THE issue surrounding the danger of exotic pests and diseases being introduced to Australia through ginger imports from Fiji had been addressed with the Australian Department of Agriculture, Fisheries and Forestry (DAFF) who granted Fiji approval to export fresh ginger rhizomes under specific biosecurity conditions.
A senate inquiry into the risks associated with importing Fiji ginger was heightened by concerns this week from farmers abroad that the strict quarantine measures would not fully protect Australian crops.
The Australian farmers referenced the pest burrowing nematodes that, according to researcher Graham Stirling, caused ginger rhizomes to rot and eventually become "completely obliterated".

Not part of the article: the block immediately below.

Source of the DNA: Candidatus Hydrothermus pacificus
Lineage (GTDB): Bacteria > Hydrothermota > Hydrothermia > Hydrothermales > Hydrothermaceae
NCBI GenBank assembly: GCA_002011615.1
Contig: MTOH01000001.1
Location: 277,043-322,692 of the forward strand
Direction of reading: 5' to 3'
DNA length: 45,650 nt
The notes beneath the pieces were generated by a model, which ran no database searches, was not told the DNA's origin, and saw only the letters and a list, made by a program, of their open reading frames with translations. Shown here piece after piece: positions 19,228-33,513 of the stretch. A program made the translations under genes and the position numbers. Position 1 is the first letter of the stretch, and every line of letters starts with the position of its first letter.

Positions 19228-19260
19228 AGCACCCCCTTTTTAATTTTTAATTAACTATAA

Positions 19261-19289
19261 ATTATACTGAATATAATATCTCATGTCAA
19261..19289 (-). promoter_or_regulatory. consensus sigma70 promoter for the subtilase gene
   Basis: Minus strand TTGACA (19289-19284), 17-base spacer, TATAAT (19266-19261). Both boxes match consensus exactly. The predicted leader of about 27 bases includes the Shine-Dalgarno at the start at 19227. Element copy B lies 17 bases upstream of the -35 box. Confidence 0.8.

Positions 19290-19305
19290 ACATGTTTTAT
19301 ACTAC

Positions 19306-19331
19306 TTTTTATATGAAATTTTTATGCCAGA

However, Biosecurity Authority of Fiji chief executive officer Elvis Silverstrini said the DAFF biosecurity initiated Fiji's market access request in 2010 as a standard Import Risk Analysis.
"After years of consultation and exchange of information, DAFF issued a statement on August 10 this year permitting Fiji market access for ginger," Mr Silverstrini said.
"The Australian provisional final import risk analysis (IRA) report for Fiji ginger identified yam scale and burrowing nematode as quarantine pests of concern to Australia which needs to be managed.
"The report proposed a combination of management measures including that the ginger must be grown with infield management controls or undergo a post harvest treatment for burrowing nematode and undergo inspection and certification by BAF, together with fumigation of consignments."
Fiji exports more than 830,000 kilograms of ginger worth $6million annually.
The senate findings will be released next month.